Machine Quilting: Avoiding the Dreaded Nest

This time of year, I am “nest obsessed.” The birds are chirping outside my office window, and the robins especially are actively searching for blades of grass and small twigs to use in their nests. These architectural wonders may seem like random assortments of sticks, but actually have a real sense of order if you study them closely. There is always a methodical and intentional arrangement of materials, which is admirable if you consider that often two birds are creating each nest.

bird nest machine quilting
One of my artistic thread nests. Not the bad kind.

I have a small collection of nests that I have gathered on my walks in the woods near my house, and have even tried my hand at creating nests out of fabric (see Quilting Arts April/May 2011, p. 56) with great results.

However, there are some nests that I’d rather avoid, and those seem to appear on the backs of my quilts when I lose concentration or get sloppy. They have absolutely no sense of order and are the source of much frustration.

bird nest machine quilting
One of my gathered
bird's nests.

The dreaded nests are made of a tangle of bobbin thread, always happening when I am in a hurry and skip the first key step in machine quilting of pulling up the bobbin thread before taking the first stitch.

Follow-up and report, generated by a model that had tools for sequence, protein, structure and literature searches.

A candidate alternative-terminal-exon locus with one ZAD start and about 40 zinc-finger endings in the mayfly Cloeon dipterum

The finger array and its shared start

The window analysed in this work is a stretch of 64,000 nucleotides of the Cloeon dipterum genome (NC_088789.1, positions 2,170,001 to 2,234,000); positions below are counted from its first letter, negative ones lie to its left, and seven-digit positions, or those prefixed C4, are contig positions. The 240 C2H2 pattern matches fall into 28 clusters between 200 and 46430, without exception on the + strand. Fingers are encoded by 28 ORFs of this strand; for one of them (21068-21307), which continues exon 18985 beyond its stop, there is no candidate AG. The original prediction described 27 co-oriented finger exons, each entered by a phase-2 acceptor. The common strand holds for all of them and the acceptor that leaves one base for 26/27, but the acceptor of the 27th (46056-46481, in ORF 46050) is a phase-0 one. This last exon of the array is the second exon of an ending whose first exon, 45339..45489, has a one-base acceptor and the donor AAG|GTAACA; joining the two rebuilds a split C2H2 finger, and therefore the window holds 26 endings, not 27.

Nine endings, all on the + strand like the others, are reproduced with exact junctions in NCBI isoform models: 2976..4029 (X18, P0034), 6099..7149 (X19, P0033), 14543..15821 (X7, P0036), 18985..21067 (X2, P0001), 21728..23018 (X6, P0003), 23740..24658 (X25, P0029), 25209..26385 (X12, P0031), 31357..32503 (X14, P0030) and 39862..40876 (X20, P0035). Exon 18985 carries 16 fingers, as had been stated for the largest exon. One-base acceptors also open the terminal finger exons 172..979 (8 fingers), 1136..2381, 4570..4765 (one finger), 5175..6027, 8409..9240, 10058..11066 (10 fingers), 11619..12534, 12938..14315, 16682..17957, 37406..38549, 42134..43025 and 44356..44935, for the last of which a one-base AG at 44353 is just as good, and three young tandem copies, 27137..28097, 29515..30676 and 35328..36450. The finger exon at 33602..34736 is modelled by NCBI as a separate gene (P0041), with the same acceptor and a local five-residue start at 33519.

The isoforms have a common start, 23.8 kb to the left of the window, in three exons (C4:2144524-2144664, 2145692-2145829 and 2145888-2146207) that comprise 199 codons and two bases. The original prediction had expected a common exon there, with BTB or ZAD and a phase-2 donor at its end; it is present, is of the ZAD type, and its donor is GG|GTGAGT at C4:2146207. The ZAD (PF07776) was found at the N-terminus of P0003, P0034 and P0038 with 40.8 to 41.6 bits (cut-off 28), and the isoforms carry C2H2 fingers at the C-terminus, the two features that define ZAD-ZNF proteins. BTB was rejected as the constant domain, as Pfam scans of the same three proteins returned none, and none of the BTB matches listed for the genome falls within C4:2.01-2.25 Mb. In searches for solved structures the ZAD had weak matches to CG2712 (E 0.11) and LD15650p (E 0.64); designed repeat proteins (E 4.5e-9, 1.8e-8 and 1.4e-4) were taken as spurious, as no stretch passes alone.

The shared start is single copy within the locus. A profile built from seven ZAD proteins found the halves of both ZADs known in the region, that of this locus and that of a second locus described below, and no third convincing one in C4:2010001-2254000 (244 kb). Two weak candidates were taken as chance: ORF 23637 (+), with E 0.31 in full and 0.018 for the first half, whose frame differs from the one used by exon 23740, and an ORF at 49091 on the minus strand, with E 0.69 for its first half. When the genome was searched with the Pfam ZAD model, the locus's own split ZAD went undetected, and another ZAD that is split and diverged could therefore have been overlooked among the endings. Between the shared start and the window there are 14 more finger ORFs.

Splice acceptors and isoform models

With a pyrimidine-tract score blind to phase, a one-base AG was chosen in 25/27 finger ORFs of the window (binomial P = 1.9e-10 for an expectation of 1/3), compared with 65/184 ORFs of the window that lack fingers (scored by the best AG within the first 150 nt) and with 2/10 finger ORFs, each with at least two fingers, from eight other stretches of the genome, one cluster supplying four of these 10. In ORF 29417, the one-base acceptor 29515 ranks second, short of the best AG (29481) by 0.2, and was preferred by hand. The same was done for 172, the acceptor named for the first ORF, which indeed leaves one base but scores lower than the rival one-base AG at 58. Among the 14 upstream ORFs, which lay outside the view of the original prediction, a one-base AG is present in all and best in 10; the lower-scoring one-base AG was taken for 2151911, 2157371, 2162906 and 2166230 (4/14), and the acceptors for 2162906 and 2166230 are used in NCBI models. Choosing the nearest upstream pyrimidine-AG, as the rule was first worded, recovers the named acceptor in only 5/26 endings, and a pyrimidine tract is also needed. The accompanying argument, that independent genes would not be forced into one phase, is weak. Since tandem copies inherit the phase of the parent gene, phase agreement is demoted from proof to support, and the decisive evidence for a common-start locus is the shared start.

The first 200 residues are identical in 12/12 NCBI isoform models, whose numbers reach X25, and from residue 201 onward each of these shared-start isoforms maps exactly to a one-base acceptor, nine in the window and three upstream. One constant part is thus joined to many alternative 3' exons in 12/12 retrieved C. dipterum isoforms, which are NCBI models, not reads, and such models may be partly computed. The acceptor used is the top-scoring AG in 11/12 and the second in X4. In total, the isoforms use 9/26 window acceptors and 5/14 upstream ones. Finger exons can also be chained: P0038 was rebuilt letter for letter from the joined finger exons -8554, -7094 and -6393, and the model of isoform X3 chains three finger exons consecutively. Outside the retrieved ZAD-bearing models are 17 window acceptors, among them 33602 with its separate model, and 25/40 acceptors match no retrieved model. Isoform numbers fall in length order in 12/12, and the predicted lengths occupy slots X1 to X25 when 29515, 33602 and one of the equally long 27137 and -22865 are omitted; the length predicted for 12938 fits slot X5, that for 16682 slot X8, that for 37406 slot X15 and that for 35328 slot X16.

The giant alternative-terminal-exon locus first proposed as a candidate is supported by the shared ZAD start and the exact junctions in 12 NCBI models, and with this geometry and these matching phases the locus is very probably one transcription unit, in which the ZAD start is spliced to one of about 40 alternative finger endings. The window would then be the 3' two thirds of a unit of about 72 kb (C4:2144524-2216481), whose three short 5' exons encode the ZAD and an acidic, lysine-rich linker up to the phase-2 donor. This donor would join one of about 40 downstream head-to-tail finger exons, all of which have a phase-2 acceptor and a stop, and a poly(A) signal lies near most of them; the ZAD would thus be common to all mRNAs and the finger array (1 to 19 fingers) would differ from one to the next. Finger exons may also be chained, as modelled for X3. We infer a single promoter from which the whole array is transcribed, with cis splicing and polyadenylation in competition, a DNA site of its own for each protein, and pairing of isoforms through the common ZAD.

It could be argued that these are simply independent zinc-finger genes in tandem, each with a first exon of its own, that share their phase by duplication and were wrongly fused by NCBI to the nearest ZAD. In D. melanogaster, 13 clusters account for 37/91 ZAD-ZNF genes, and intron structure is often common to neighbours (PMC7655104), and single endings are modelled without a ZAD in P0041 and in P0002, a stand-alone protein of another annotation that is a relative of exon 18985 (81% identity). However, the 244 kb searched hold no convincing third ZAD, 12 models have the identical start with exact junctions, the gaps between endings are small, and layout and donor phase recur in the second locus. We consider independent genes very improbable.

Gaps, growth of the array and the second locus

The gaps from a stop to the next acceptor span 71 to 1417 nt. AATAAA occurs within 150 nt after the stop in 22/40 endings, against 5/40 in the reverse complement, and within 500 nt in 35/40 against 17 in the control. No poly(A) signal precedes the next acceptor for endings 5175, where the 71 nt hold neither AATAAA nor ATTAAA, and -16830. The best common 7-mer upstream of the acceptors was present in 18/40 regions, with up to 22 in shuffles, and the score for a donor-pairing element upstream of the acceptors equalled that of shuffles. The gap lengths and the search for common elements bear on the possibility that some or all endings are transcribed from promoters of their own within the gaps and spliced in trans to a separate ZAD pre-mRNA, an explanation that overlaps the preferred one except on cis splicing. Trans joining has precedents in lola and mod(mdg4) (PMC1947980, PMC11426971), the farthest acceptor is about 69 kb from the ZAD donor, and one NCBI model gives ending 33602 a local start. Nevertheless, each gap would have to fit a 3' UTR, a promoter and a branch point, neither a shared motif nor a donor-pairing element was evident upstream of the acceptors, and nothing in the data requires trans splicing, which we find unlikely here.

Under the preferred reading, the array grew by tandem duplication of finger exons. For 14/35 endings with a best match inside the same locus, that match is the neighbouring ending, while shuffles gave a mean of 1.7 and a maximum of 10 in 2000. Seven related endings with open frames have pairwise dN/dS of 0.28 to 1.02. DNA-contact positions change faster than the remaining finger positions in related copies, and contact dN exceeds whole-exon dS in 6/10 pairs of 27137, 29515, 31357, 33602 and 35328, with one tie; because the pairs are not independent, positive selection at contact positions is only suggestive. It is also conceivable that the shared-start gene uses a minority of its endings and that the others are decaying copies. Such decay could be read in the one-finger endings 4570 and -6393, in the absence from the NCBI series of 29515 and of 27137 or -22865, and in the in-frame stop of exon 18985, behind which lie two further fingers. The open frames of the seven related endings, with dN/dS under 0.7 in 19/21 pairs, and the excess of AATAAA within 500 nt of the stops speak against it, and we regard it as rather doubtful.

Pulling up the thread is simple, it is easy, and it is necessary. So why do I keep making this mistake?

Maybe if I review the short one-minute video that Pokey Bolton shared showing how to pull up the bobbin thread and avoid the dreaded mess on the back of a quilt I'll be a bit more successful in doing things right.

Or maybe I’ll just have to mount a photo of a thread nest in my line of vision behind my sewing machine. Whatever it takes!

How do you remember to do this one easy step before you begin to quilt? Tell me in the comments section below.

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2 thoughts on “Machine Quilting: Avoiding the Dreaded Nest

  1. Pulling the bobbin thread to the top helps as well as hanging on to the threads for the first two or three stitches but my big one is when I lift the presser foot(needle down) and turn the quilt for sharp angles like when quilting in diamonds and such on a long strip. I still haven’t figured out that one.